A Once In A Lifetime Experience
Xiamen – Anxi – Shanghai – Jinghong – Beijing
October 15 – 25, 2015
Reservations Close on August 1, 2015
Booking ref: 3140909
Dates Oct 15, 16, 17, 18, 19
An attractive city recently voted one of China’s cleanest cities, Xiamen in Fujian province was founded in the 14th century and became a significant port during the Ming Dynasty. It also served as a major stronghold against the Manchus when they chose to invade in the 17th century.
Xiamen was the port of trade first used by Europeans in 1541. The city was also one of the five Chinese treaty ports opened by the Treaty of Nanjing (signed in 1842) at the end of the First Opium War between Britain and China. It was also China’s main port in the 19th century for the exportation of tea. As a result, the local Amoy dialect had a major influence on how Chinese terminology was translated into English and other European languages. For example, the following words used in the English language – tea, ketchup, Pekoe, kowtow, gung-ho and possibly even Japan, originated from the Amoy dialect.
Points of interest in Xiamen include Nanputuo Si and Huxiyan temples; the scenic Wanshi Botanical Gardens that boast over 4,000 botanical species including a redwood tree planted by former US president Richard Nixon; the impressive Overseas China Museum and Gulang Yu. The tranquil island of Gulang Yu is a 10 minute boat ride from Xiamen. The island became a European-style town with churches, consulates and capacious villas. In 1903 it was designated an International Settlement for Europeans and Japanese with its own council and Sikh constabulary, retaining the status until the end of WWII.
Dates Oct 20, 21
Just the mere mention of ‘Shanghai’ conjures up mystery, romance and general decadence. Pre–1949 cosmopolitan Shanghai was a magnet for seekers of wealth, idle colonialists, explorers and the dispossessed. The city’s oddities were due to the unusual circumstances of the city’s existence. Written into the Treaty of Nanjing was the notion of extra-territoriality, which translated as foreign nationals not being bound by Chinese law, but rather by the laws of their own consuls. Basically anything went. Until 1949 foreigners dominated commerce, banking and industry, amassing huge fortunes and transforming the landscape of foreign concessionary sections of Shanghai.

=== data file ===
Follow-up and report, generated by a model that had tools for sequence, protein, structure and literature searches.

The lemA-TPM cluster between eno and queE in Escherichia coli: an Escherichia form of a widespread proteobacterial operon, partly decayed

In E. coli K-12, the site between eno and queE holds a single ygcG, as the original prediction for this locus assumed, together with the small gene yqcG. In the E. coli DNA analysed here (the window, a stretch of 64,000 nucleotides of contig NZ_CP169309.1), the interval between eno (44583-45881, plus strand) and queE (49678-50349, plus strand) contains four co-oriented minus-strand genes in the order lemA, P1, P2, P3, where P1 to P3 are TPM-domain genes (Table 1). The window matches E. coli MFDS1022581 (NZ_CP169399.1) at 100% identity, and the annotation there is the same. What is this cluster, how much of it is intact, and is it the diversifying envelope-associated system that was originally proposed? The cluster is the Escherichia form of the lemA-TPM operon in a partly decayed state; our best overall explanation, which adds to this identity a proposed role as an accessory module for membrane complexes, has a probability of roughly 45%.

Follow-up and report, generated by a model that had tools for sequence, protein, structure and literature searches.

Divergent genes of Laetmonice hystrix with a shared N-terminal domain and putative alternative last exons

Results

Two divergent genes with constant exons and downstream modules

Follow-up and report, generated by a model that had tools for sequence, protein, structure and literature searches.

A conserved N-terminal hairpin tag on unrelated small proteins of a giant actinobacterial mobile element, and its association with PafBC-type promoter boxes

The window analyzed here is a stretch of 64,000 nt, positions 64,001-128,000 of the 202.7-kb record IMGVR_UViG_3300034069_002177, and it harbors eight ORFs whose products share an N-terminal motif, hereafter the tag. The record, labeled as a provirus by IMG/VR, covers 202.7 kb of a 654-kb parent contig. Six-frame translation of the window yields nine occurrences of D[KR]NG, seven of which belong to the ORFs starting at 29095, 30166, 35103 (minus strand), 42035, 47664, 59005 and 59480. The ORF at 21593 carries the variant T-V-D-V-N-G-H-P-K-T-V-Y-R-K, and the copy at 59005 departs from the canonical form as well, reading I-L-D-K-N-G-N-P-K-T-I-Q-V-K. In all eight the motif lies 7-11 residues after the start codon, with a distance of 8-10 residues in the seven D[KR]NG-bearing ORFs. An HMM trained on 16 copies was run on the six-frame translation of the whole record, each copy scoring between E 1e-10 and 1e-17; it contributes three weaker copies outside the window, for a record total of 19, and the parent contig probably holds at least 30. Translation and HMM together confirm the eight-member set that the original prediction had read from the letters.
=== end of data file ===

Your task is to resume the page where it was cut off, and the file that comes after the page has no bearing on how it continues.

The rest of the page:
Everything went belly up in 1949, when Mao and the communists took to power and swept the good times and rock and roll away. A legacy of these heady times is Shanghai’s Bund where on and around this waterfront promenade are a vast series of grandiose pre-1949 buildings. After four decades of austerity, economic reforms implemented by Deng Xiaoping reawakened Shanghai. Just across the Huangpu River is the new Shanghai, a high-tech development of skyscrapers, the centre piece of which is the rocket-shaped Oriental Pearl TV tower.
Top spots include Yu Gardens and Bazaar-Shanghai’s finest traditional garden, the Bund for colonial grandeur and Nanjing Road for shopping, Shanghai Museum for its mighty collection of relics, Pudong and the Oriental Pearl TV Tower for its stunning views, Jade Buddha Temple and the old French Concession area.
Dates Oct 22, 23
The capital of Xishuangbanna in southern Yunnan, Jinghong, is a popular passing route between China and Laos. A tropical town inhabited by the Dai people who still live in accordance with their ancient traditions. It is a great place for hiking and exploring this very unique environment.
The Mengla Protected Nature Reserve is a rain forest filled with mammoth dipterocarp trees, hamster-sized of mouse deer, the nocturnal loris, tree-swinging gibbons and hornbills. The Flying Dragon White Pagoda, similar to the stupas of Nepal consists of eight 30 foot stone and brick towers arranged in an octagon around a 50 foot central tower. The temple is surrounded by bright colored stripes and a small shrine with a pink Buddha at each corner. The Manjinglan Dai Nationality Village has 179 traditional Dai houses made entirely of bamboo – each with its own fruit tree garden. Here you can be entertained with local food and traditional dancing.
In mid April the Water Splashing Festival is held, a very important part of the Dai calendar. It is when they bid farewell to the old year and welcome the new. Known as the Oriental Carnival, they splash each other with water which brings good luck and great fortune.
Dates Oct 24, 25
Capital of the People’s Republic, Beijing, is China’s political, economic and cultural center. With an awesome history, Beijing was established in 1045 BC and for 800 years served as the capital of several dynasties.
Tiananmen Square, the largest public square in the world and where Chairman Mao proclaimed the People’s Republic in 1949, is the city’s heart. The square plays hosts to Chairman Mao’s great mausoleum, various stoic monuments and is a popular gathering place for people out strolling, flying kites and eating ice creams. Dissecting it from the Forbidden City is Chang’an Avenue, the main centre thoroughfare. Staring out across Tiananmen from above the Gate of Heavenly Peace is the famous Technicolor portrait of Mao. It is through these gates that one can enter the Forbidden City. Built between 1406 and 1420, it served as the imperial palace for the Ming and Qing dynasties and is said to contain 9,999 rooms. Residence of the emperors and focal point of the empire, entry was forbidden to all those except on imperial business until 1911 when the last emperor, Puyi, was overthrown. The 720,000 sq m concoction is dominated by vast gates, temples, halls and palaces replete with imperial yellow tiled roofs and surrounded by a protective moat.
Beyond the city is the Summer Palace. A preserve of the emperors seeking respite from the summer heat, the Summer Palace is set around beautiful Kunming Lake.